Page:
Reining in the health care systems’ carbon footprint

At COP26, health was a priority for the first time. The new COP26 Health Programme initiative called on countries to commit to creating a low carbon health care system, assessing baseline levels of greenhouse gas emissions, including supply chains, and for high and middle-income countries to achieve zero net emissions by 2050 or before. Fifty countries have now committed to transforming their health care systems.

Several countries, such as the UK, have already made progress on this commitment. Part of the UK’s National Health Service pledge to decarbonise their health system emphasises improving patient care while lowering environmental and social costs. Adopting more stringent environmental policies is likely to have economic benefits as well.

Every Australian state and territory health department has produced a review on improving the resilience and sustainability of their health care systems. These discuss reducing the environmental effects of health care from energy use to reducing water usage, food waste, and the impact of medical devices.

However, programs and policies are also needed to help reduce wasteful care. This includes education for health providers and health consumers as well as funding mechanisms to promote high value care (that is, care that improves patient outcomes). A learning health care system with digital monitoring as its centrepiece could improve adherence to health care guidelines, reduce unnecessary pathology testing (including duplication or testing inappropriately) and facilitate knowledge sharing, optimising efficiency.


The pledges at the COP26 Conference to limit CO2 and methane emissions provide some hope that global temperature increase can be kept below 2⁰C, but only if these pledges are met and sustained for decades to come. Health care systems must adapt to the climate crisis happening right now and prepare for future consequences of climate change.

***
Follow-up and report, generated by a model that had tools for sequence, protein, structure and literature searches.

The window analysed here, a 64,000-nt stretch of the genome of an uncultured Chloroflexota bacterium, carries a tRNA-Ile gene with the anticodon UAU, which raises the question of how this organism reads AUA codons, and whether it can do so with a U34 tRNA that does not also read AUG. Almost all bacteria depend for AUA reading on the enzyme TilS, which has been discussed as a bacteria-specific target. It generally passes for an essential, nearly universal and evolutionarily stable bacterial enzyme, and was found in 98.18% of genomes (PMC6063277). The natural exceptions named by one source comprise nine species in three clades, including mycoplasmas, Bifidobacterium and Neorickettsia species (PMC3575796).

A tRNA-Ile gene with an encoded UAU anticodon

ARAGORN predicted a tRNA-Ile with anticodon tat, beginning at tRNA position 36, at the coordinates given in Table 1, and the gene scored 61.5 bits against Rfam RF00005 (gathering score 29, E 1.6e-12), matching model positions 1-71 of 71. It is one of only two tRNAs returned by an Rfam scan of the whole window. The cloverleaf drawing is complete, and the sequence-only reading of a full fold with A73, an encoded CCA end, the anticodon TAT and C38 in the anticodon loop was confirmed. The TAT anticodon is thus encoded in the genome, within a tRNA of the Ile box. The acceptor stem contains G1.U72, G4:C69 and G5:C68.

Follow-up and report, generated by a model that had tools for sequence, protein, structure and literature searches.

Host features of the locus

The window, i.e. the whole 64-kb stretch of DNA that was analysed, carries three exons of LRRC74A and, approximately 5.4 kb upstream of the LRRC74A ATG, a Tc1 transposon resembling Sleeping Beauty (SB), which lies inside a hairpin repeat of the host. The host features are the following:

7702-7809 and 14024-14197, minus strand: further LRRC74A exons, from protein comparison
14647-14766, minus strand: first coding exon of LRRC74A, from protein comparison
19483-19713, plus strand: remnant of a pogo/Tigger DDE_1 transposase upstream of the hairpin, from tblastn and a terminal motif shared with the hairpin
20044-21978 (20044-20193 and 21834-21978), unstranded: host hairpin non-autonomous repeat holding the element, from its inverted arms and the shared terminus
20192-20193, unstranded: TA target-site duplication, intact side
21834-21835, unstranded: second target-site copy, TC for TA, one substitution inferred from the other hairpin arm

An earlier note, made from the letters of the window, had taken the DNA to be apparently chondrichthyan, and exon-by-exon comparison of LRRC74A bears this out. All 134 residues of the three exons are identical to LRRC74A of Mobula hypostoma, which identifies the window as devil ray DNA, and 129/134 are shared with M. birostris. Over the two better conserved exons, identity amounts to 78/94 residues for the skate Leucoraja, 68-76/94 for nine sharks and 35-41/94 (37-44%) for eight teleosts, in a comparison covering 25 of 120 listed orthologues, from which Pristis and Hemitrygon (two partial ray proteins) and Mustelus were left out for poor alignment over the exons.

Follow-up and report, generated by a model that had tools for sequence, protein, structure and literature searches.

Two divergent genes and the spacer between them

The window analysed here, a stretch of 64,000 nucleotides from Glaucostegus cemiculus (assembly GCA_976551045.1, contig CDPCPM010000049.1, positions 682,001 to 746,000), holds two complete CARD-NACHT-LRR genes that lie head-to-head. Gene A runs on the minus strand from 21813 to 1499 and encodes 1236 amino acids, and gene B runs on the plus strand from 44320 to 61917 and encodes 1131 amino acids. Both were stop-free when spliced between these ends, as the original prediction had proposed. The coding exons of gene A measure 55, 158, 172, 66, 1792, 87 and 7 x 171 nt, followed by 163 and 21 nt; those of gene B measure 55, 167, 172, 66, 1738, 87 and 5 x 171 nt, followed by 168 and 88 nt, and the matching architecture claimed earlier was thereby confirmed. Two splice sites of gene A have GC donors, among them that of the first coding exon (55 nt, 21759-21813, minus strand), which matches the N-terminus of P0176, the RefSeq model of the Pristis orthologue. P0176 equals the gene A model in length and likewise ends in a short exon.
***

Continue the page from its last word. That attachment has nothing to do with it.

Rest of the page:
On 2 December, the NHMRC Partnership Centre for Health System Sustainability will host a webinar with key experts, examining the challenges facing health systems caused by climate change. Visit our website for more information and to register.

Professor Jeffrey Braithwaite is the Founding Director of the Australian Institute of Health Innovation (AIHI), Macquarie University, and leads the NHMRC Partnership Centre for Health System Sustainability (PCHSS).

Associate Professor Yvonne Zurynski is Associate Professor for Health System Sustainability at AIHI and the co-lead for the Observatory on Health System Sustainability within the PCHSS.

Dr Carolynn Smith is a Research Fellow with the PCHSS and the NSW Roots and Shoots Coordinator for the Jane Goodall Institute Australia.

Professor Lesley Hughes is a Distinguished Professor of Biology and Pro Vice-Chancellor (Research Integrity and Development) at Macquarie University. She is a former lead Author on the IPCC’s 4th and 5th Assessments and a former federal Climate Commissioner. She is a founding Councillor with the Climate Council of Australia.




The statements or opinions expressed in this article reflect the views of the authors and do not represent the official policy of the AMA, the MJA or InSight+ unless so stated.

One thought on “Climate change, human health, and health care systems

  1. Anonymous says:

    There is another area of health care that can have a HUGE impact on climate change and that is contraception.
    If every child on the planet is a planned one, the size of the human carbon footprint will be much reduced!
    Every doctor can be encouraging their patients of reproductive age to have reliable contraception, and remain aware of the poor evidence base for “the app on my phone” to control fertility. It is time for the Australian Government to consider free contraception (as is the case in the UK and South Africa and many other countries.)